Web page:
And these are not some future fantasies, but a reality that Russia and China are moving ahead with at a very rapid pace:

Putin breaks ground on Russia-China gas pipeline, world's biggest

Russian President Vladimir Putin and Chinese Vice Premier Zhang Gaoli have launched the construction of the first part of Gazprom’s Power of Siberia pipeline - which will deliver 4 trillion cubic meters of gas to China over 30 years.

The 3,968 km pipeline linking gas fields in eastern Siberia to China will be the world's largest fuel network in the world. Both Putin and Vice Premier Zhang Gaoli have called the project the world’s largest construction project, as investment from both countries will be more than $70 billion.

Last year, China consumed about 170 billion cubic meters of natural gas and expects to consume 420 billion cubic meters per year by 2020. Europe still remains Russia’s largest energy market, buying more than 160 billion meters of Russian natural gas in 2013.

(Source)

Let's do some math here. 4 trillion cubic meters divided by 30 years is 133 billion cubic meters per year.

That's 83% of the amount that Europe currently buys. Is the idea that Russia will increase its production by 133 billion cubic meters per year to have additional gas to send to China?

If so, how is that going to happen under a sanction regime? In fact, Russia has only so far identified one new field, the Chayanda field, slated to begin production in 2015, and produce some 25 billion cubic meters per year.

Beyond that nothing has been announced of which I am aware. Which means that out of the 133 billion cubic meters that Russia has committed to sell to China beginning in 2018, only 25 billion cubic meters has been accounted for.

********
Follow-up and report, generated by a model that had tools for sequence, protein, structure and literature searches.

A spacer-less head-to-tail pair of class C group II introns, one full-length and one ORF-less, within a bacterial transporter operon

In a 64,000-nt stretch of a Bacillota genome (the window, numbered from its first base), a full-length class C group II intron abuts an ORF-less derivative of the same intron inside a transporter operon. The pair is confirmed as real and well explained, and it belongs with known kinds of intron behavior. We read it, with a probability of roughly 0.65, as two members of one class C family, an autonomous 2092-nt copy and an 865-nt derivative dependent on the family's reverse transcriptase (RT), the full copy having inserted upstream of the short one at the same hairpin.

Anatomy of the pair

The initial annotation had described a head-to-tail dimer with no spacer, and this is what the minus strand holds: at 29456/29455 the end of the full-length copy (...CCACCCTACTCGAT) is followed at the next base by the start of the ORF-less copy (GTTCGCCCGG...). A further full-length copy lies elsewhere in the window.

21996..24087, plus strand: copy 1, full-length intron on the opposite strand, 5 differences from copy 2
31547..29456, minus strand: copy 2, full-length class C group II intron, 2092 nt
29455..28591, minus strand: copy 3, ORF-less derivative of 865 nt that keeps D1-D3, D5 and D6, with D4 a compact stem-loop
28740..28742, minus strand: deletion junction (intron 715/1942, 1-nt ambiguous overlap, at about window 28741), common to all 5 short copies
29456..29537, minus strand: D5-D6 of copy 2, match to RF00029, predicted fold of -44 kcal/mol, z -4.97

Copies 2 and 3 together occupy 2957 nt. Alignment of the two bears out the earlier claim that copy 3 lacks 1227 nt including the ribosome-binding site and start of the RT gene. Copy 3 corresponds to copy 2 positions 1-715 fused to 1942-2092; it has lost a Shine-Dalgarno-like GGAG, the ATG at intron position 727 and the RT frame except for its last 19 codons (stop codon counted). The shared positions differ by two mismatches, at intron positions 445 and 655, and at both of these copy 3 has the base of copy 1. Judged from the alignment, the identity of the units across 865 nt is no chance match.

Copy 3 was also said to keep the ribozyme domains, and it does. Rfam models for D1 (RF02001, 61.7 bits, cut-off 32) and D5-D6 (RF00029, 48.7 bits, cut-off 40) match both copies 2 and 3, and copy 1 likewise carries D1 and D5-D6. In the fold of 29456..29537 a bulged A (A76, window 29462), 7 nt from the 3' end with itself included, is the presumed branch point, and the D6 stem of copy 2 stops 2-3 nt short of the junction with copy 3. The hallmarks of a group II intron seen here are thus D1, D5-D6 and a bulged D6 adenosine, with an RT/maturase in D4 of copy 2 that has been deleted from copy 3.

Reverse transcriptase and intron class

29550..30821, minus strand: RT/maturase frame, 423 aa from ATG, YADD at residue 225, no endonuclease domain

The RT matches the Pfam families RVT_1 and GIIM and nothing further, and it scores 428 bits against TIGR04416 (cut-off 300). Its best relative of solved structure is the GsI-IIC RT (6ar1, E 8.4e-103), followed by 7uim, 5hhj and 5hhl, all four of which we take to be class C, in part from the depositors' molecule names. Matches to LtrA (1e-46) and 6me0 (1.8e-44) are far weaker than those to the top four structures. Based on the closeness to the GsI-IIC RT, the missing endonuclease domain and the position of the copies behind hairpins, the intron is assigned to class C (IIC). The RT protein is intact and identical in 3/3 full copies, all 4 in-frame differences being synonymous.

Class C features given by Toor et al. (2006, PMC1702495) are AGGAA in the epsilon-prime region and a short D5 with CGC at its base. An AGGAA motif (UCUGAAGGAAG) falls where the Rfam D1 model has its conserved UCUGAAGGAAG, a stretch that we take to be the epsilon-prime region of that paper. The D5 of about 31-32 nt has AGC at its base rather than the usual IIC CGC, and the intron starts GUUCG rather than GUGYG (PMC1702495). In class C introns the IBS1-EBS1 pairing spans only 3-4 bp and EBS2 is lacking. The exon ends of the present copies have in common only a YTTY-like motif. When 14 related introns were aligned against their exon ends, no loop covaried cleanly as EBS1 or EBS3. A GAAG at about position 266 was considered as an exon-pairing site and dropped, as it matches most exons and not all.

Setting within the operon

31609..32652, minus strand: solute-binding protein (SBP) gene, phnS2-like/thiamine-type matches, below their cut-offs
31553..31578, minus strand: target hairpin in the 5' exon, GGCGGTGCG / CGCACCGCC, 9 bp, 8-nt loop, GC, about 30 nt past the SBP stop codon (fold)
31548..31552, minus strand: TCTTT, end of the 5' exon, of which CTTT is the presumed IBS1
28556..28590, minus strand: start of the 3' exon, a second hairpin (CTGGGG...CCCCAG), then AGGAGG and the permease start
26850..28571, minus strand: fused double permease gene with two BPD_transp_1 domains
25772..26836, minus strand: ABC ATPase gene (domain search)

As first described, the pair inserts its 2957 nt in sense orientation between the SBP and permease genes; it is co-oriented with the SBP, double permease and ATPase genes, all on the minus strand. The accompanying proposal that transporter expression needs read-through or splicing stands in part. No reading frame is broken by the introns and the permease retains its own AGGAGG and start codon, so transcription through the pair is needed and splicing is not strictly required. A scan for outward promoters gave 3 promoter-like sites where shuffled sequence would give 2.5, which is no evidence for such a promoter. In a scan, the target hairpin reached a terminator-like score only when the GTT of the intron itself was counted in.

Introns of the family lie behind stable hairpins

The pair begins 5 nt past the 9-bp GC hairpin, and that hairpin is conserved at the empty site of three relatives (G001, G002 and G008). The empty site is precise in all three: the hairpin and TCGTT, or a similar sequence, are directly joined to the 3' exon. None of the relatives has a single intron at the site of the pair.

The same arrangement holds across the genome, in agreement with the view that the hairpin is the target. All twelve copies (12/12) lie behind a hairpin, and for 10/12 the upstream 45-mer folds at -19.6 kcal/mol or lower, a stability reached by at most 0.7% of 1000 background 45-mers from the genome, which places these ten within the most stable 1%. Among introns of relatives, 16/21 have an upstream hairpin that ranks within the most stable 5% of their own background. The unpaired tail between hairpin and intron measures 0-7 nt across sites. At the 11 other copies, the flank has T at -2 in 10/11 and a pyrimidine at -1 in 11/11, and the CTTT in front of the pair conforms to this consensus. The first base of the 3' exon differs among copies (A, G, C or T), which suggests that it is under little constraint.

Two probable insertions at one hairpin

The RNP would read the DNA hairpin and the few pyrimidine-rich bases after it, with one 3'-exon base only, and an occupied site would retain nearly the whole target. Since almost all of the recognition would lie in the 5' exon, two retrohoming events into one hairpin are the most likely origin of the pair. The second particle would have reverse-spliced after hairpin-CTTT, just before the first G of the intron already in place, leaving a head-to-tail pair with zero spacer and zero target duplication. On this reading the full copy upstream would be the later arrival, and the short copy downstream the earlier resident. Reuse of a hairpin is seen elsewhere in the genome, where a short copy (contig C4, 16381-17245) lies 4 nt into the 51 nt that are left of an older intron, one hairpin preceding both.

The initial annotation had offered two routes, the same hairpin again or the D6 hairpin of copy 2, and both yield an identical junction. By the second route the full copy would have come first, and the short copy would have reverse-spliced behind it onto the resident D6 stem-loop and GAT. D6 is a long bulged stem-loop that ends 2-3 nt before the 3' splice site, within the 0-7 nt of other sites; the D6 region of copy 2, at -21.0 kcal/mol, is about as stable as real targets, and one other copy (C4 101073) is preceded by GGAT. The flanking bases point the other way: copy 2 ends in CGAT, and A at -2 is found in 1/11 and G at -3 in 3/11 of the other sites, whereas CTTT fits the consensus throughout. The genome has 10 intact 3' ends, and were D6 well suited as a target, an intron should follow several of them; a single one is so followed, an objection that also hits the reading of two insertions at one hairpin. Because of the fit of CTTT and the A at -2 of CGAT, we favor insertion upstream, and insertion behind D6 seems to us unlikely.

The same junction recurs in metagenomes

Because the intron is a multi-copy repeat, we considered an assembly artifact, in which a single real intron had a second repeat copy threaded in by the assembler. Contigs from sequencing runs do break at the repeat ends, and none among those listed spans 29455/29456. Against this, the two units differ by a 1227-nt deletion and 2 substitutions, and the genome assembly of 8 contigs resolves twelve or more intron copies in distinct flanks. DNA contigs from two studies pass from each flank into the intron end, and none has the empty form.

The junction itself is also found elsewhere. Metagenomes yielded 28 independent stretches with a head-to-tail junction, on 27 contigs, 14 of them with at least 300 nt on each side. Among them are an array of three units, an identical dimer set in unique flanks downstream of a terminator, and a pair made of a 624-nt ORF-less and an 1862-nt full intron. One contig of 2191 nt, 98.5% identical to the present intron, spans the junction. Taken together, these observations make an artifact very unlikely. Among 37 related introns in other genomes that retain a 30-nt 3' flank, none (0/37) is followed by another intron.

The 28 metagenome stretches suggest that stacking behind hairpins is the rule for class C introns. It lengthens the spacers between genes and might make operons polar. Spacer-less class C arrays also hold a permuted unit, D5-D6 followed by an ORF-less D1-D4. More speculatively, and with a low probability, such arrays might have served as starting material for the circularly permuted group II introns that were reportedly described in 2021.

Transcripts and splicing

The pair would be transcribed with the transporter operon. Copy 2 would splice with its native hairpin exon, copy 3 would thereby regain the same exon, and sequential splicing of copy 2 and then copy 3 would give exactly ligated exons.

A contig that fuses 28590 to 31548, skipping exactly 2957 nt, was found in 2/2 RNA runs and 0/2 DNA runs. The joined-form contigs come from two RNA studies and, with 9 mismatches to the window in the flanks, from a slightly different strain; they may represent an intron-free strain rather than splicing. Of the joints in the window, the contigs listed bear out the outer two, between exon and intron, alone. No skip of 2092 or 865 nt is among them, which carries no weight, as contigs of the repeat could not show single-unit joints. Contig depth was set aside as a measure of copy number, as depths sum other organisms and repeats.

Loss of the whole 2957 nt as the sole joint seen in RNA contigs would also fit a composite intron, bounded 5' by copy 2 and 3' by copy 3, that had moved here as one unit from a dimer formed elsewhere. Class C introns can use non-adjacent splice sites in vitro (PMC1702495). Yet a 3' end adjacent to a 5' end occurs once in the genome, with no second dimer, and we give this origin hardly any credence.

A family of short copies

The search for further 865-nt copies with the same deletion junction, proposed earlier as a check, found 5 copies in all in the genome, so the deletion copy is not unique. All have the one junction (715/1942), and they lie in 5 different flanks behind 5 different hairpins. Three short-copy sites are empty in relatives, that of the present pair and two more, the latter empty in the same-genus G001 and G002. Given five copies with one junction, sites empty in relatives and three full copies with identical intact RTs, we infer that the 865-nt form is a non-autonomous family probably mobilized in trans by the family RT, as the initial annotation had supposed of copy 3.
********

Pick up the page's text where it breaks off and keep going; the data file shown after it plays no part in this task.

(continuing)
Historically speaking, increasing gas production by a lot has not been something that Russia has demonstrated it can do. Note the consistency of Russian output over the past several decades:

(Source)

And since 2007? Has Russia expanded output since then? Nope. It seems to be bouncing around between 600 and 700 billion cubic meters per year (I'm translating from the cubic feet represented in the chart), only some of which is available for export after domestic uses take their share:

(Source)

Well, if Europe knows that Russia has pivoted firmly to the East and has locked up a long-term gas deal with China for ~20% of its total current gas production, and Europe is now cutting off Russian energy firms from both capital and technology markets hindering (if not utterly stopping) those firms from increasing production any further, then we can only surmise that Europe has a really strong hand to play here.

Surely Europe must be in a situation of being able to rapidly increase its own production of gas? Well, this is the awkward part. It turns out that Europe is approaching being ten years after its own gas peak and has no chance at all of reversing that situation any time soon, if at all:

(Source)

Once producing nearly 300 billion cubic meters, Europe is now producing just under 200 billion cubic meters. Ouch. That's a 33% loss in just ten years. What are the next few years going to bring? One easy prediction is "more declines."

Well, then surely Europe must have a plan to increase production perhaps from Shale gas? Here again we have awkward news. France and Germany have both implemented long-term bans on fracking, so they're out. Poland was thought to have vast shale reserves, but those turned out to be a complete bust as the shale rock was far too tight to be profitable once the test holes were bored.